Business Times: Thu, Oct 27
AN offshore fund controlled by a few high net worth individuals has acquired a 50 per cent stake in a company whose sole asset is the 12-storey freehold Finexis Building (formerly known as GMG Building) at Robinson Road.
The transaction was based on the office block's latest valuation of $110 million in July 2011. This works out to about $2,043 per square foot on its total strata area of 53,830 sq ft, which is understood to be close to the building's net lettable area. The share purchase agreement was signed early last week.
DTZ brokered the transaction.
The half stake in Robinson Land Pte Ltd was sold by a partnership that includes private real estate investor and ex-Goldman Sachs banker Kishore Buxani and offshore investors advised by Mukesh Valabhji of Seychelles-based Capital Management Group.
They will continue to hold the remaining 50 per cent in Robinson Land Pte Ltd.
The company acquired the office block, located at 108 Robinson Road, in late 2006 for $48 million and is said to have invested a further sum of about $6 million sprucing it up.
Finexis Building is more than 82 per cent let, with anchor tenant Finexis Advisory occupying five floors. Other tenants include Cliftons and BoxHill Institute, both from Australia, and Melior International College, which has a tie-up with Australia's CQ University.
Mr Buxani is a nephew of Raj and Asok Kumar Hiranandani, the founders of Royal Brothers group. Their sister is Mr Buxani's mother. Mr Buxani is well known as an investor in shophouses as well as strata retail units.
He left Goldman Sachs in 2005 after almost 10 years and has been investing in the Singapore commercial real estate market since 2000. He currently controls the Buxani Group, which focuses primarily on acquiring prime commercial properties in Singapore and adding value through asset refurbishments, repositioning and tenant remixing.
The partnership between Mr Buxani and Mr Valabhji's Capital Management Group has successfully acquired a number of properties in Singapore since 2006, with the largest deal being six floors or slightly over 26 per cent stake in Samsung Hub, a 999-year leasehold Grade A strata-titled office development at Church Street.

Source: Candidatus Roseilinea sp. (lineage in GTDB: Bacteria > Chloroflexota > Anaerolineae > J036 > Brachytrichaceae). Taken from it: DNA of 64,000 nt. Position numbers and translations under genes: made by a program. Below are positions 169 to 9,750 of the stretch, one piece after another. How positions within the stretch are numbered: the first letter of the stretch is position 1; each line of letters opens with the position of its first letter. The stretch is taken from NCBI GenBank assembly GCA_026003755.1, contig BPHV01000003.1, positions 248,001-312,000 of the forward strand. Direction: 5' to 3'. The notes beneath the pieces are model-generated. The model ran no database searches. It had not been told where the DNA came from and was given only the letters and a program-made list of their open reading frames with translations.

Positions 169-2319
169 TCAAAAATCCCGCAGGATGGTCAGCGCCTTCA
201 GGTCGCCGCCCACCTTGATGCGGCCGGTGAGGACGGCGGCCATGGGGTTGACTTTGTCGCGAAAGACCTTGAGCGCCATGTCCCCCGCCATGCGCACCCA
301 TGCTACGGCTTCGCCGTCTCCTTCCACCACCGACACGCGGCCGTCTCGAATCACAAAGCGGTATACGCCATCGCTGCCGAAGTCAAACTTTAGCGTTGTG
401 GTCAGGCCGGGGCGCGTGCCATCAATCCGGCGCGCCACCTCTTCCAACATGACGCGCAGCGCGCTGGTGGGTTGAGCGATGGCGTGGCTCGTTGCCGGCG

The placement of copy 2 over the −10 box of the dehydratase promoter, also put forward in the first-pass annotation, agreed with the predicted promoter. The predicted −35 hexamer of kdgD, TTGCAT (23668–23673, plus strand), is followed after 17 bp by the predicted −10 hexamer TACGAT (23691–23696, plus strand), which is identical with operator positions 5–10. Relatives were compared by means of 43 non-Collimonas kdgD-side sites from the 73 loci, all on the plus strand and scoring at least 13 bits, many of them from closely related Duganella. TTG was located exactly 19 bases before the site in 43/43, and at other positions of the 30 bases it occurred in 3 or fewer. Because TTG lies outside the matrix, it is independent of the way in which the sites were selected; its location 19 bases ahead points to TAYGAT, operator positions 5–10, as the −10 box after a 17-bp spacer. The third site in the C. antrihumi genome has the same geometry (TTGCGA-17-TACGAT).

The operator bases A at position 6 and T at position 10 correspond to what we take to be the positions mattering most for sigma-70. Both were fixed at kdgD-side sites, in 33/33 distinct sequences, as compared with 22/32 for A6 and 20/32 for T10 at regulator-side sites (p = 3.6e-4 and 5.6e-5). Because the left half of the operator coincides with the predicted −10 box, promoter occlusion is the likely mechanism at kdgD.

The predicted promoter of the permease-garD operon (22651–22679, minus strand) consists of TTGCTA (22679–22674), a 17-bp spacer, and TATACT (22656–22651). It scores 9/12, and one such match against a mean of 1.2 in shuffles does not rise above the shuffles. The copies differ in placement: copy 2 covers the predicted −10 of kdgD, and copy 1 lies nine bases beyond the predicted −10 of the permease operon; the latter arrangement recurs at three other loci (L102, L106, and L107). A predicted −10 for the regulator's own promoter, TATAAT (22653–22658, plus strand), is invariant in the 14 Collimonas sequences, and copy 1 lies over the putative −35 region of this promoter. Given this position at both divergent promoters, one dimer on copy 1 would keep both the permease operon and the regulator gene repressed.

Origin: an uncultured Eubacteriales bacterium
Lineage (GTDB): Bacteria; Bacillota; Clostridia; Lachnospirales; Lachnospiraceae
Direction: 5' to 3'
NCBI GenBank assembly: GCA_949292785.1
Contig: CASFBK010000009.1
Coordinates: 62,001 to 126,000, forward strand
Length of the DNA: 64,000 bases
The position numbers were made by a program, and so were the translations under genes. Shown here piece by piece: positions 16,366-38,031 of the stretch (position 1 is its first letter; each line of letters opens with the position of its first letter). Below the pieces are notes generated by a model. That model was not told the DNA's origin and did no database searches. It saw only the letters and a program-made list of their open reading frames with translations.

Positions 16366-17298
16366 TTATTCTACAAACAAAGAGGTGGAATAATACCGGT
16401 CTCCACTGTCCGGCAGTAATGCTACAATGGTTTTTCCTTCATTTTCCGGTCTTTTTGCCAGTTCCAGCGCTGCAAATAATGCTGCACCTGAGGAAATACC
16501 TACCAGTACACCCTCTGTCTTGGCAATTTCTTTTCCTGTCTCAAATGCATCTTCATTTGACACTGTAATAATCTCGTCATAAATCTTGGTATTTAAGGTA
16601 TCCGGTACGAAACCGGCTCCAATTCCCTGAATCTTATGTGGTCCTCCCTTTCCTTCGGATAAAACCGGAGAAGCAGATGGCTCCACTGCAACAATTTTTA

These six floors, totalling 78,490 sq ft, were bought from OCBC Properties in early 2007 for $122.44 million or $1,560 psf of strata area.
The current valuation of these six floors is about $220 million, based on the recent sale price of $2,800 psf for one of these floors. This is one of the highest prices ever achieved for a strata office floor in Singapore.
Finexis Building does not currently have any immediate redevelopment potential. Its current gross floor area of 64,766 sq ft is 11.67 times the land area of 5,549 sq ft - exceeding the 11.2 maximum plot ratio for the site under Master Plan 2008.
The latest rental transaction in the office block was done at $7 psf a month, but the current average monthly passing rental (that is, what is being paid by existing tenants) in the building is lower, at about $5.60 psf.
Assuming the building is fully let at this rate, the net yield based on the $110 million valuation works out to around 2.9 per cent. The building is said to have been completed in the 1980s.
Over the weekend, Mr Buxani's uncle Asok Kumar Hiranandani was also in the news for an office transaction. BT reported on Monday that Royal Group Pte Ltd, controlled by Mr Hiranandani and his son Bobby, clinched two adjacent 999-year leasehold office blocks at Phillip Street for a total of nearly $283 million or an average price of $2,350 psf on net lettable area (NLA). The buildings are being sold by Aviva group.
One Phillip Street, with NLA of 38,194 sq ft, is being sold for $2,050 psf, and Commerce Point (at 3 Phillip Street), which has NLA of 82,191 sq ft, at $2,490 psf.
Mr Hiranandani also revealed that he received $3,050 psf on NLA for the sale of his 50 per cent share of the 999-year Royal Brothers Building at Malacca Street nearby earlier this month to RB Capital, controlled by his elder brother Raj Kumar's son Kishin. The office block has around 59,000 sq ft of NLA.
Martin Koh/ Sherry Tang